Surprising the strategic affairs community with its quiet diplomacy, rival armies of India and Pakistan announced a fresh ceasefire. The development was welcomed by everybody from the border villages to the UN and the White House. The initiative will require frequent monitoring and quick follow-ups, reports Tasavur Mushtaq
The Thursday (February 25, 2021) newsbreak about rival armies of India and Pakistan agreeing to a ceasefire came as a sweet surprise. Nobody expected it. In certain areas like Uri that usually pay for the hostilities, primarily, the populations were excited. Of all the people impacted by the bilateral decision-making of the nuclear-armed neighbours, areas straddling the now-visible Line of Control (LoC) usually pay the price with their blood.
Referring to the discussion between the two DGMOs’, the two sides said they reviewed the situation along the LoC and all other sectors in a “free, frank and cordial atmosphere”.
“In the interest of achieving mutually beneficial and sustainable peace along the borders, the two DGMOs agreed to address each other’s core issues and concerns which have the propensity to disturb the peace and lead to violence,” the joint statement said. “Both sides agreed for strict observance of all agreements, understandings and cease firing along the Line of Control and all other sectors with effect from midnight 24/25 Feb 2021.”
It added: “Both sides reiterated that existing mechanisms of hotline contact and border flag meetings will be utilised to resolve any unforeseen situation or misunderstanding.”
Given the statement had come from respective armies, apparently, in the backdrop of a coercive and muscular narrative, the political establishment quickly endorsed it.
“India desires normal, neighbourly relations with Pakistan. We have always maintained that we are committed to addressing issues, if any, in a peaceful bilateral manner,” Anurag Srivastava, the MEA spokesman in Delhi said, skipping his routine assertion – talks and terror cannot go together. “On key issues, our position remains unchanged. I don’t need to reiterate it.”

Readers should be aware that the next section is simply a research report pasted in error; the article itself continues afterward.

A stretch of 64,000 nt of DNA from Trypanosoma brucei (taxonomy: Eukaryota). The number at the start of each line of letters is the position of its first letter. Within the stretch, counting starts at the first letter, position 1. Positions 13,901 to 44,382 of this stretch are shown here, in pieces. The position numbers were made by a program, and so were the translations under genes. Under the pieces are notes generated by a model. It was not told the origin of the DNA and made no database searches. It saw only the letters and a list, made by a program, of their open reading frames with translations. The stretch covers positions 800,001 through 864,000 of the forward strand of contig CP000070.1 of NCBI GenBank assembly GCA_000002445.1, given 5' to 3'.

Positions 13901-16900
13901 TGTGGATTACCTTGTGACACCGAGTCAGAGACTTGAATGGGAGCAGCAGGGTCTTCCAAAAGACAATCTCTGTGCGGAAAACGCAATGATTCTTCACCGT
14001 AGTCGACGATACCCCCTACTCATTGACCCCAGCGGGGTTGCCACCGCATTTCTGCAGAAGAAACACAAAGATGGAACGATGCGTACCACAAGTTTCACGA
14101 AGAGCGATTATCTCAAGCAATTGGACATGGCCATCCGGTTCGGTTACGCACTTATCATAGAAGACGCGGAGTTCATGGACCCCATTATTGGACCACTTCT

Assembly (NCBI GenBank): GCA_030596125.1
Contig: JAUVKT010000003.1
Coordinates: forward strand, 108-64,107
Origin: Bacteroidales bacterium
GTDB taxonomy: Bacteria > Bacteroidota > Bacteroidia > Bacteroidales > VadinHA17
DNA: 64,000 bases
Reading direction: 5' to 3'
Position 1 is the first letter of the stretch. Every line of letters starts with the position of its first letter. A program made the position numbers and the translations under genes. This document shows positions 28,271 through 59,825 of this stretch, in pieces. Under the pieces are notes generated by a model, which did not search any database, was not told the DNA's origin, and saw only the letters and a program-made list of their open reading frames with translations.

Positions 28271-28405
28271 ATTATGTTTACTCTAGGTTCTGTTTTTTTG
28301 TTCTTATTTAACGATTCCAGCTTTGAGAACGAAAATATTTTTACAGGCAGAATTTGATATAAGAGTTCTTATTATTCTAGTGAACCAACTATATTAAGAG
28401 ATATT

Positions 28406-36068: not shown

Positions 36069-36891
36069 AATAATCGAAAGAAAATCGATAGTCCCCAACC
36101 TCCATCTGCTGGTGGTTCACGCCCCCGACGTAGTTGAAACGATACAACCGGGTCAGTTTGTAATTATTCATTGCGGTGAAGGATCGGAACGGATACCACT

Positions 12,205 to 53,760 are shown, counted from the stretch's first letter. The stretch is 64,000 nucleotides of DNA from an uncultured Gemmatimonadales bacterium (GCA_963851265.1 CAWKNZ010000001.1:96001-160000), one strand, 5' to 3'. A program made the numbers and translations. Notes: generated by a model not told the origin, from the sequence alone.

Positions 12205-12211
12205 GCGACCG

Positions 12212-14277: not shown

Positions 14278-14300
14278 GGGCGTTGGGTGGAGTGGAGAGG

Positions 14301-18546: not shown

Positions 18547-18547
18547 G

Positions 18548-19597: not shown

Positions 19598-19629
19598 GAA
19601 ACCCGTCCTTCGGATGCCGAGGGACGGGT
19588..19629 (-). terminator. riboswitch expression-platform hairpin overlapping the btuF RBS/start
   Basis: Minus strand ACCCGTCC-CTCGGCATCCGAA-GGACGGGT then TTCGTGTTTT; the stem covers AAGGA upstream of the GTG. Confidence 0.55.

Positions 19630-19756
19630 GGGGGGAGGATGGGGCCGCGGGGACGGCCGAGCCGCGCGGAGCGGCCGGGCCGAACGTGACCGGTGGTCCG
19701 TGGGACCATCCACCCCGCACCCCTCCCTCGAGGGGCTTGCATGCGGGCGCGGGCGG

The strategic affairs experts always knew that the subcontinent’s Siamese twins had never shut their communication channels. They, however, were not aware of the developments taking place behind the curtains. Stimson Centre’s Sameer Lalwani termed the developments “surprising and potentially huge” and Happymon Jacob, the “biggest military measure by India and Pakistan in over 18 years”. The fact is that the two DGsMO were always talking on a weekly basis and picking the hotline every time the other side made a request. But the timing of the understanding made the decision surprising to everybody. It fits the ‘quiet diplomacy’ definition.
Firstly, it came days after the second anniversary of the Lethpora suicide car bomb attack in which around 40 CRPF personnel were killed. The attack eventually led to the IAF fighters crossing the LoC and dropping bombs in Balakote. In retaliation, PAF fighters also dropped bombs at various places. An IAF helicopter and a fighter aircraft were consumed in the action.
Secondly, the ceasefire came days after protracted Sino-Indian dialogue led to an ease in the relations as the Red Army moved back to the pre-2020 position. Though the dialogue is still on and many other areas impacted by the Chinese ingress and still, to be tackled, the two most populous countries seemingly are busy in peace-making.
Thirdly, the armies on both sides of the LoC were exhibiting and aggressive posture and gradually managing the civilian population straddling the de facto border. On this side of the LoC, various areas witnessed mass construction of the dungeons and safety bunkers to save populations during shelling exchanges between the two sides.
Fourthly, the two sides had downsized their diplomatic engagement, apparently done away with cross-LoC trade and travel and actually helped Kashmir move out of the subcontinent in wake of August 5, 2019, when Delhi unilaterally binned the special status of Jammu and Kashmir. With Kashmir under lock-and-key, Kashmir was discussed almost everywhere between the US Congress and the House of Commons.